And so, the more that you can look into the concepts of Ignatian discernment, the more that this will help as well. So, we search, we pray, we ask, and as we find, we verify, right, we look. So, like, does this bring consolation? Does this bring me closer to Christ? Does this play out? If I live my life the way that I’m discovering I should live, does this play out in the world in a way that brings Christ into the world, that brings light into the world? So, these are really important to do as you are going through your doubts and your answers. And then get ready to repeat. You will start to see that there are some signs of these times that God is calling you to grow in your faith.
I know for me, some of those signs are just this irritation, or this like unsettled feeling. When I was doing a study on the armor of God, it was really not that big of a deal, you know. There’s righteousness and there’s peace and there’s the gospel of truth, And this study, though, really irritated me. I was so frustrated and agitated, and I felt like the person doing it was just yelling all the time, and I knew that sense of unsettle, that there’s something I’m missing here. You have something more for me, Lord, and I don’t know what it is, but I know that I’m not getting it. I know that I’m looking at this wrong, and you have a gift for me here.
And so I went into that study and I said, all right, I took it to prayer. What do you have for me, Lord, in this armor of God? How am I seeing it wrong? And through that, through prayer, through reading, through just listening at mass or to people who were talking to me, I discovered the story of David and Goliath, and I realized that I saw this armor completely wrong. I saw this armor as just this aggressive battle, we have to go and fight and conquer, which yes, but no.
And the story of David and Goliath showed me that David put on the armor of Saul. He put on the armor that I was thinking of, the armor of the world, the armor of fear, and it didn’t work. He couldn’t walk, he couldn’t move. He took it off because he had the armor of faith. He knew that the Lord was by his side, and he ran to the battle. And I realized that when I went back to look at this armor of God, that’s the armor that I was supposed to be seeing. I was seeing it completely wrong.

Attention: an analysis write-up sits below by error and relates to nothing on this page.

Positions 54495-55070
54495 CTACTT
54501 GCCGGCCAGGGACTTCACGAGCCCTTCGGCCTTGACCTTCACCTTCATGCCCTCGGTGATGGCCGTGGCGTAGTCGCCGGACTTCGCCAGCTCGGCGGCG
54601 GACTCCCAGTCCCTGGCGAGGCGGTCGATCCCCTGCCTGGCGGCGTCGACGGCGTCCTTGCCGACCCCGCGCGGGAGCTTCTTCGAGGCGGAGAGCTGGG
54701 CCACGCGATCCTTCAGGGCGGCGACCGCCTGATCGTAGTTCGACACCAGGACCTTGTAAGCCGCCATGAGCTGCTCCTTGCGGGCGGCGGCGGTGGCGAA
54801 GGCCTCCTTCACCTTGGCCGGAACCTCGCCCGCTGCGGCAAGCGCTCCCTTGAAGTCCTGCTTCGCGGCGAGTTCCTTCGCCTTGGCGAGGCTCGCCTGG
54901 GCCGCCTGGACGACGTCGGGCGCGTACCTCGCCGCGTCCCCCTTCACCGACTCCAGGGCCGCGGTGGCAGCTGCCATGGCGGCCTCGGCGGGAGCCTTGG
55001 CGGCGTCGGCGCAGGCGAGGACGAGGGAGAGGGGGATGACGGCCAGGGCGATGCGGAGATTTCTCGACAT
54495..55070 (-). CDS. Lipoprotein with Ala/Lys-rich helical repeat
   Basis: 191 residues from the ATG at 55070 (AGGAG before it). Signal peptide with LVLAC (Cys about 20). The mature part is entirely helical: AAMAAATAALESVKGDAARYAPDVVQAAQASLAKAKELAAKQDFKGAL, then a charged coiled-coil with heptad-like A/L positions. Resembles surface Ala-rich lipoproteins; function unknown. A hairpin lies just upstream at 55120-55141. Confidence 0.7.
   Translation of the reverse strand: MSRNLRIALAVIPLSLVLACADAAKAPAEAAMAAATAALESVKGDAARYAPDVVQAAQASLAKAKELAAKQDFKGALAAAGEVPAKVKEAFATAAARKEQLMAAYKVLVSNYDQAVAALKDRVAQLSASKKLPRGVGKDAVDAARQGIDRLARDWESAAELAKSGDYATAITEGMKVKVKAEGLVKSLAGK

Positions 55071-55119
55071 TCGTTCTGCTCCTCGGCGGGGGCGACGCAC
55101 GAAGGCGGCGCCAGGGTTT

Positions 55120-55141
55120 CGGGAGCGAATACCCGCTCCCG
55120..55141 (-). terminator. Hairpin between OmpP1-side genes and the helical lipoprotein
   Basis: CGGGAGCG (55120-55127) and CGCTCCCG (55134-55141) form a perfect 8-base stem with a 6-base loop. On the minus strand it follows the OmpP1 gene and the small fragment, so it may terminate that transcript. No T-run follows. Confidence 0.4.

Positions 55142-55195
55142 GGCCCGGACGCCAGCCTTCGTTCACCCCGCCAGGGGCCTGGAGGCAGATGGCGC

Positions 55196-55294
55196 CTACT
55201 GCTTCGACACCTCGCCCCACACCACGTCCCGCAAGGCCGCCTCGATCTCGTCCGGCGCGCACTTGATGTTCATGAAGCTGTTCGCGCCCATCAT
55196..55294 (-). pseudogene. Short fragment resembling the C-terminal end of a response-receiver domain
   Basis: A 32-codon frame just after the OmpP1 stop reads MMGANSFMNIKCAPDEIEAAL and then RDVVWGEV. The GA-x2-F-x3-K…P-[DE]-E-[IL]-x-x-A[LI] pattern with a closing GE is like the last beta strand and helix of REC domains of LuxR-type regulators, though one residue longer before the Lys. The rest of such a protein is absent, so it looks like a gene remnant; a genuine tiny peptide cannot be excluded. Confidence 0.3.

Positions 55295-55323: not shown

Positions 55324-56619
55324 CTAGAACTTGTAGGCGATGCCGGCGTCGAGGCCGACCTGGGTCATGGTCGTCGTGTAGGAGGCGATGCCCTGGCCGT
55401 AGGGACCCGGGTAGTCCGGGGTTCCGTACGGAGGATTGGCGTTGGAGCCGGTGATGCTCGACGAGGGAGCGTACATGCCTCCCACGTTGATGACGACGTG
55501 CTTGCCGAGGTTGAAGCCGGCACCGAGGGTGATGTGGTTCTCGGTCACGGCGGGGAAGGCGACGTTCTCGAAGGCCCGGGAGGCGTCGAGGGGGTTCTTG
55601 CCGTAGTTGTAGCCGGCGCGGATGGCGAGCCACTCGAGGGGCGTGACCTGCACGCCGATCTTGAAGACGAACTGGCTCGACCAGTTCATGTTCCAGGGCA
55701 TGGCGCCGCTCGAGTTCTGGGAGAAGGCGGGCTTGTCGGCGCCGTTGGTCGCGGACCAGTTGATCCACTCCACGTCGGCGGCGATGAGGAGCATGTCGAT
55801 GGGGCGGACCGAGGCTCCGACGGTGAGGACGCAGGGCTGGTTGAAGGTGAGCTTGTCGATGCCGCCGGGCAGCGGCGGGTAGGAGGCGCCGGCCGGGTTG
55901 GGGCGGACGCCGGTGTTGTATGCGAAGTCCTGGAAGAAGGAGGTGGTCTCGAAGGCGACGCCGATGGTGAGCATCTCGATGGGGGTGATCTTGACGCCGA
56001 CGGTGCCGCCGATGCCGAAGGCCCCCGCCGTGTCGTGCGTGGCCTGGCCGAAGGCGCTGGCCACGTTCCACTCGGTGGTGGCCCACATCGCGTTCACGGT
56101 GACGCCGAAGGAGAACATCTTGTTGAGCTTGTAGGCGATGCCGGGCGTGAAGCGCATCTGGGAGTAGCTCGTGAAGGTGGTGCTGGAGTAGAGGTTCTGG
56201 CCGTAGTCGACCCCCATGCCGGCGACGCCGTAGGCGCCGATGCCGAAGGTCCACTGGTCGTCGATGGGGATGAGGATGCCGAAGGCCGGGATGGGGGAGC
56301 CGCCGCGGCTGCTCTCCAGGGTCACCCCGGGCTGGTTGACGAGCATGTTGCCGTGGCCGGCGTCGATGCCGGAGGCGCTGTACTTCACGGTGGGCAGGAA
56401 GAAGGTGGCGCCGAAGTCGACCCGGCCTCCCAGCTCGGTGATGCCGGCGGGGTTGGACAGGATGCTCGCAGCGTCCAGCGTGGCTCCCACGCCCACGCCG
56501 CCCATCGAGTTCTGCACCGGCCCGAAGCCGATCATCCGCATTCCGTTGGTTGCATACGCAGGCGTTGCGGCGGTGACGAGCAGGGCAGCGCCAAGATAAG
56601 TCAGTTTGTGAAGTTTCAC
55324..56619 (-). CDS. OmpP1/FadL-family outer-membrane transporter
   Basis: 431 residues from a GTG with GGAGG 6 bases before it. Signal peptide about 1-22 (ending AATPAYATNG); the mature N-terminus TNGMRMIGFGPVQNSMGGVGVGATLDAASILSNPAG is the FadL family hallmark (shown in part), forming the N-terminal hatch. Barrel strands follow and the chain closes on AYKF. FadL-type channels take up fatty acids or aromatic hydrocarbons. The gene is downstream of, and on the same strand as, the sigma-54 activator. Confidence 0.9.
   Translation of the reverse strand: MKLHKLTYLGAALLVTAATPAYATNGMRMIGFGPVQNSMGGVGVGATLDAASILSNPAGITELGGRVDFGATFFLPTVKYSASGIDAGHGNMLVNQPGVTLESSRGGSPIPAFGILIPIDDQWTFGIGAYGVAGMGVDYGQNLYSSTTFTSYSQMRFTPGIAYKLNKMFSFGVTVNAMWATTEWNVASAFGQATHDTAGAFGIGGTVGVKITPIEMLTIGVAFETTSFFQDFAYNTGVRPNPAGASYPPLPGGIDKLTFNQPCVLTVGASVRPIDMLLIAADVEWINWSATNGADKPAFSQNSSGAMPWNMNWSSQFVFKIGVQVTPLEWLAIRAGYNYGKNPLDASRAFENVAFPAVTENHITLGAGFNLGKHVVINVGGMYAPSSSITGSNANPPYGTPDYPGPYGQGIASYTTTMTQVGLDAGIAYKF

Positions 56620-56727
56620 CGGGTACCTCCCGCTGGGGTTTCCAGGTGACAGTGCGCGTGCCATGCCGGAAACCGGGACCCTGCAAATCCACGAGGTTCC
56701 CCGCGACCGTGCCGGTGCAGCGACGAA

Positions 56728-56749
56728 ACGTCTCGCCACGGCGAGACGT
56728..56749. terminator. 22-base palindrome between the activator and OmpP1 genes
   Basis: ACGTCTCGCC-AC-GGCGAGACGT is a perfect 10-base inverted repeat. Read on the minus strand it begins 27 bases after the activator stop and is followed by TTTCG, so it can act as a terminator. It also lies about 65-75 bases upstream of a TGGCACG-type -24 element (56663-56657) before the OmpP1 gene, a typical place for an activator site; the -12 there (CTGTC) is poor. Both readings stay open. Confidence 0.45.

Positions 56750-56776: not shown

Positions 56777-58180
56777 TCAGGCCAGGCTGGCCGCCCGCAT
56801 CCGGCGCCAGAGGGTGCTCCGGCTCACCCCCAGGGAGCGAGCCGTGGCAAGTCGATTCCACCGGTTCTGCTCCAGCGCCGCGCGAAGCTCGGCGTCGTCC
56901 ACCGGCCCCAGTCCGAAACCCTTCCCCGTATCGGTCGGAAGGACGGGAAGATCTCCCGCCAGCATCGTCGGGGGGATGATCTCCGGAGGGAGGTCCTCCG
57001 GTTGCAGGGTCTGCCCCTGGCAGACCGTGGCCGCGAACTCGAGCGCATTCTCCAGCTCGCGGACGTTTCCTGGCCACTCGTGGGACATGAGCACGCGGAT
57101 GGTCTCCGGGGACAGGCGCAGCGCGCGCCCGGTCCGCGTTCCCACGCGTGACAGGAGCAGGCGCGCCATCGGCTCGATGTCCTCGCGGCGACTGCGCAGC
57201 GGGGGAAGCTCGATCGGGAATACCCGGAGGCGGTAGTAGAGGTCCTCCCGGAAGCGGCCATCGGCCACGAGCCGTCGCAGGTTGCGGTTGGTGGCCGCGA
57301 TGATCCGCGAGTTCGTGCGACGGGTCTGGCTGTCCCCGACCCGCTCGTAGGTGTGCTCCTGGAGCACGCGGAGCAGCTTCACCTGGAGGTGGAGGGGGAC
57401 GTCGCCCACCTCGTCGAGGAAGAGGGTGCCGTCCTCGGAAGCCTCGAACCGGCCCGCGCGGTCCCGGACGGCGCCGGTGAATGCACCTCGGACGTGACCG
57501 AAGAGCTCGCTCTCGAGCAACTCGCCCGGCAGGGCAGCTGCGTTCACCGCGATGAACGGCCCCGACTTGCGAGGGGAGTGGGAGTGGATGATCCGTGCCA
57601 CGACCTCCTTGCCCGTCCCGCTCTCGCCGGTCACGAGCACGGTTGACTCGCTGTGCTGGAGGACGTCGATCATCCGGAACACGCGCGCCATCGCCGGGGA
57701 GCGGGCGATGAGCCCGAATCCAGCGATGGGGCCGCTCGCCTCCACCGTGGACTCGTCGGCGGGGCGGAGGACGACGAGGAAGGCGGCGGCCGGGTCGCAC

Embracing Your Doubts and Challenges
So, as we go through our doubts and our challenges, we need to remember Romans 8:28, that all things work for good for those who love God. All things, our doubts, our challenges, everything that we do, if we love God.
So, when you have doubts and challenges, I invite you to embrace them, to be excited for them, to see them as invitations and gifts, because these are the places that God has for you to grow deeper. If you think that God is not the person that you thought He was, He’s not, He’s bigger, He’s more, and He’s ready to show you, and I pray that you can find Him even more in the midst of your doubts. Shall we pray?
In the name of the Father and of the Son and of the Holy Spirit, Heavenly Father, I thank you for the ways that you lead us through the hard times, through the good times. I ask for your consolation, for your peace to settle on each person who is listening today. I ask for your grace to fill them, fill them with light so that they can shine in the darkness. Help them to find you, to see that you are so much closer to them than they are in themselves. Help them to see you and to follow you ever closer, Amen. In the name of the Father and of the Son and the Holy Spirit, Amen, God bless you.
About Karen May
Karen May is a dynamic and inspirational author and speaker who believes that powerful, transformational faith doesn’t have to be complicated. Helping people to discover the profound truths of God in a way that is simple, inviting, and filled with joy is a gift that she shares in her writing and speaking. She is the author of Be Not Afraid: Living with Faith in the Midst of a Fearful World, and Walking Through Holy Week. You can find her at www.amayzinggraces.com.